Session Type: Poster Session C
Session Time: 9:00AM-11:00AM
Background/Purpose: With the diagnostic capability of the parotid gland biopsy similar to minor salivary gland biopsy in Sjögren’s syndrome, the parotid gland biopsy may also provide information on treatment response and development of lymphoma. Comparing complications of both procedures, facial nerve damage represents a risk of parotid gland biopsy, while transient numbness of the lower lip incision area may occur after minor salivary gland biopsy. Avoiding the facial nerve during the parotid gland biopsy, therefore, is essential. In recent years, high-frequency (15–25 MHz) ultrasound probes have become available for clinical use, facilitating high-resolution visualization of small nerves or nerve fascicles.
We aimed to evaluate the diagnostic capability and safety of parotid gland biopsy in cadavers avoiding the region of the facial nerve under high-frequency (15–25 MHz) ultrasound guidance.
Methods: Prior to the parotid biopsy ultrasound exercise, an ultrasound training session on healthy subjects was conducted with the aim of assessing the most suitable facial nerve-free area for biopsy was determined in healthy subjects using high-frequency ultrasound (Figure 1). Thereafter, nine rheumatologists with experience in salivary gland ultrasound performed ultrasound-guided biopsies from four parotid glands in two different cadavers with 18 G core biopsy needles (Figure 2).
Results: A total of 36 pathology specimens were evaluated histologically by the expert pathologist for the presence of parotid gland tissue and any vascular and neuronal tissue of the gland. Eighty percent of the 36 pathology preparations showed evidence of parotid gland tissue. Neuronal tissue was present in 2 specimens (5.5%), one with a very small amount of neuronal tissue. Vascular tissue was found in another 2 specimens (5.5%).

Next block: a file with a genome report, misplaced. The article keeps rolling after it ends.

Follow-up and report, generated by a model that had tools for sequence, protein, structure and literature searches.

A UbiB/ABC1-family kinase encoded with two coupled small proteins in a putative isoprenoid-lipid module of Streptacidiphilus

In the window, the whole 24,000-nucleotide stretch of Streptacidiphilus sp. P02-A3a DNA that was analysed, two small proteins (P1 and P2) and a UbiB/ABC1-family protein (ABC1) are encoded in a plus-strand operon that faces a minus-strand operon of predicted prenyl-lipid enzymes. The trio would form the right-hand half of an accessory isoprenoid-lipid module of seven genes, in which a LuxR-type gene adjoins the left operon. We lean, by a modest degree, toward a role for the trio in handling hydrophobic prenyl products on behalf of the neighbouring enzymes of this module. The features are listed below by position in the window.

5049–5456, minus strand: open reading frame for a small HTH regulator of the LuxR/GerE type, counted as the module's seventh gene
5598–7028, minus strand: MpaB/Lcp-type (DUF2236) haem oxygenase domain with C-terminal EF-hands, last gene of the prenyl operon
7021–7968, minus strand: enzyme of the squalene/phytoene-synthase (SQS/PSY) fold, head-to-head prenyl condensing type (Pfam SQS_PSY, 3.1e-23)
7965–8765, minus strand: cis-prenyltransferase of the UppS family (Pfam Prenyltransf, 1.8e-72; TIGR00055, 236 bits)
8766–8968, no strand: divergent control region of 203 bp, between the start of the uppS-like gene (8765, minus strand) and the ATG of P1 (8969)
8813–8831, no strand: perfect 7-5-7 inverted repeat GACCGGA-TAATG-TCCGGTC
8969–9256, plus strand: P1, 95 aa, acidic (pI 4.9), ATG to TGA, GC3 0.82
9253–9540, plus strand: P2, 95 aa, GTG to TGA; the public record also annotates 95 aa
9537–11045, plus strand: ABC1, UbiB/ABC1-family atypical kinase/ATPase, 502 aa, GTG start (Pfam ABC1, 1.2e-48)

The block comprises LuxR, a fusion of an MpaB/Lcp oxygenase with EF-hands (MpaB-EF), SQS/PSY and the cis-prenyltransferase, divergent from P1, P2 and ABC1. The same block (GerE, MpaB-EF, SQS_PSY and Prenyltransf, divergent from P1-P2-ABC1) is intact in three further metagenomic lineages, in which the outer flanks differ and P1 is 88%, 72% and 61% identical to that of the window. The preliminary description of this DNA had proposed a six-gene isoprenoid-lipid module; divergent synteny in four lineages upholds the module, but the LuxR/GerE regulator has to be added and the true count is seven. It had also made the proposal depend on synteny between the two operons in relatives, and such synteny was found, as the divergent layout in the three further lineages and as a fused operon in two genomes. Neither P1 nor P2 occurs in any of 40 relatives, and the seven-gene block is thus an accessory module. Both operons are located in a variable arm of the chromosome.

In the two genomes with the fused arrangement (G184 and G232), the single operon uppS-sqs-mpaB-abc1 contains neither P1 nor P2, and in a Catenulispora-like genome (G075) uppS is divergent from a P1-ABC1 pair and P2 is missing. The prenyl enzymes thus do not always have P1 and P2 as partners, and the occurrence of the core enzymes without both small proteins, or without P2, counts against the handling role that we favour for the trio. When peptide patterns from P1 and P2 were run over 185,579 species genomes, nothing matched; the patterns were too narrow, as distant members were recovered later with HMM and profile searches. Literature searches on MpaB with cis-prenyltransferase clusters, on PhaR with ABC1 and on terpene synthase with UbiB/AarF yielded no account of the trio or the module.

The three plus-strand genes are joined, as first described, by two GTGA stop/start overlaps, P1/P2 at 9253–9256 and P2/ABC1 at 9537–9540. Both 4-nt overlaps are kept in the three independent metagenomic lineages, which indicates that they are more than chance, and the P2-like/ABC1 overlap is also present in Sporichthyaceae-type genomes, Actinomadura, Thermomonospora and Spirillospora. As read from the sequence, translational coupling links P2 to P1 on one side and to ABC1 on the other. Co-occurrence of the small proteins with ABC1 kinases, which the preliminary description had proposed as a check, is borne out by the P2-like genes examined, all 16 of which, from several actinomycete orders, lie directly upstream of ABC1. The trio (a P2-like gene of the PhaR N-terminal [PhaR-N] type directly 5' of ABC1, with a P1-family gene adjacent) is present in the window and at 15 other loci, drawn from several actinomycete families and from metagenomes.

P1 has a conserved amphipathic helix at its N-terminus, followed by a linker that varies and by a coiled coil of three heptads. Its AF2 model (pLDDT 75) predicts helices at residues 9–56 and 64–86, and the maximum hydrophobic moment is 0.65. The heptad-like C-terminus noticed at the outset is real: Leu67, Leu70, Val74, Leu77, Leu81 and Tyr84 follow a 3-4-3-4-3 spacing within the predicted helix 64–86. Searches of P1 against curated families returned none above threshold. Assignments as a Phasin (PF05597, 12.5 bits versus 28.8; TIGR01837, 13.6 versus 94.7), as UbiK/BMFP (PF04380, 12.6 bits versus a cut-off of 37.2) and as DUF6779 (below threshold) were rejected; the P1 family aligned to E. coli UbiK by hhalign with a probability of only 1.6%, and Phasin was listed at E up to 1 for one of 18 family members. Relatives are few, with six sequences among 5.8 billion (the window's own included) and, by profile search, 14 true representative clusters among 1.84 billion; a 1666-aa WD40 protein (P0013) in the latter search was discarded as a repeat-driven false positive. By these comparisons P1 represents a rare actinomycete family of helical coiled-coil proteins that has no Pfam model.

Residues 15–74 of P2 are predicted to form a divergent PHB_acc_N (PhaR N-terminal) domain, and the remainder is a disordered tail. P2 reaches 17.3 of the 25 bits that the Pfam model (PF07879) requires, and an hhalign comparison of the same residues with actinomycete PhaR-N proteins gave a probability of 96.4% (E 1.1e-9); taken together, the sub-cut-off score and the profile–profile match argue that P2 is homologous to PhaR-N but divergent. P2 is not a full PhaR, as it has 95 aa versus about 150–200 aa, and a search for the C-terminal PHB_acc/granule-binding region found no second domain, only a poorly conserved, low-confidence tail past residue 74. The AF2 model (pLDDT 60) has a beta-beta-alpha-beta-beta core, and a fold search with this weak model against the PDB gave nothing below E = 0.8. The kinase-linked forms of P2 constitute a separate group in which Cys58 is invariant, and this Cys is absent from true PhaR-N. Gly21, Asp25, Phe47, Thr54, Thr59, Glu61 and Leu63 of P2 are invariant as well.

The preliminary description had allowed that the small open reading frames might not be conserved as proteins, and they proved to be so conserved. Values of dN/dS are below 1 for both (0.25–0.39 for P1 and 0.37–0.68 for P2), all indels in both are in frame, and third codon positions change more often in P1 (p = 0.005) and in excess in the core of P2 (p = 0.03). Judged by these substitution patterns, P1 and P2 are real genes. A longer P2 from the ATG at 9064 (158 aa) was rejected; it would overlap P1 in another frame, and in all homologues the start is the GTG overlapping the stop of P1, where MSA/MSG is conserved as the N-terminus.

Conclusion: The present study has demonstrated that ultrasound-guided core needle biopsy of the parotid gland allows obtaining salivary gland tissue in the vast majority of cases. Longer procedural training would most likely improve the capability to obtain glandular samples.
Figure 1. Ultrasound image of a parotid gland. The facial nerve appears as a linear tubular like hypoechoic structure with hyperechoic rim inside the homogenous relatively hyperechoic parotid gland (Esaote MyLab 9 equipped with 6-24 MHz probe).
To cite this abstract in AMA style:Inanc N, Jousse-Joulin S, Abacar K, Cinel L, D’Agostino M, Naredo E, Hocevar A, Finzel S, Terslev L, Iagnocco A, Hanova P, Schmidt W, Mumcu G, Şehirli �, Bruyn G. Ultrasound-guided Parotid Gland Biopsy in Cadavers Performed by Rheumatologists – an OMERACT Ultrasound Working Group Study [abstract]. Arthritis Rheumatol. 2020; 72 (suppl 10). https://acrabstracts.org/abstract/ultrasound-guided-parotid-gland-biopsy-in-cadavers-performed-by-rheumatologists-an-omeract-ultrasound-working-group-study/. Accessed October 27, 2021.
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ACR Meeting Abstracts - https://acrabstracts.org/abstract/ultrasound-guided-parotid-gland-biopsy-in-cadavers-performed-by-rheumatologists-an-omeract-ultrasound-working-group-study/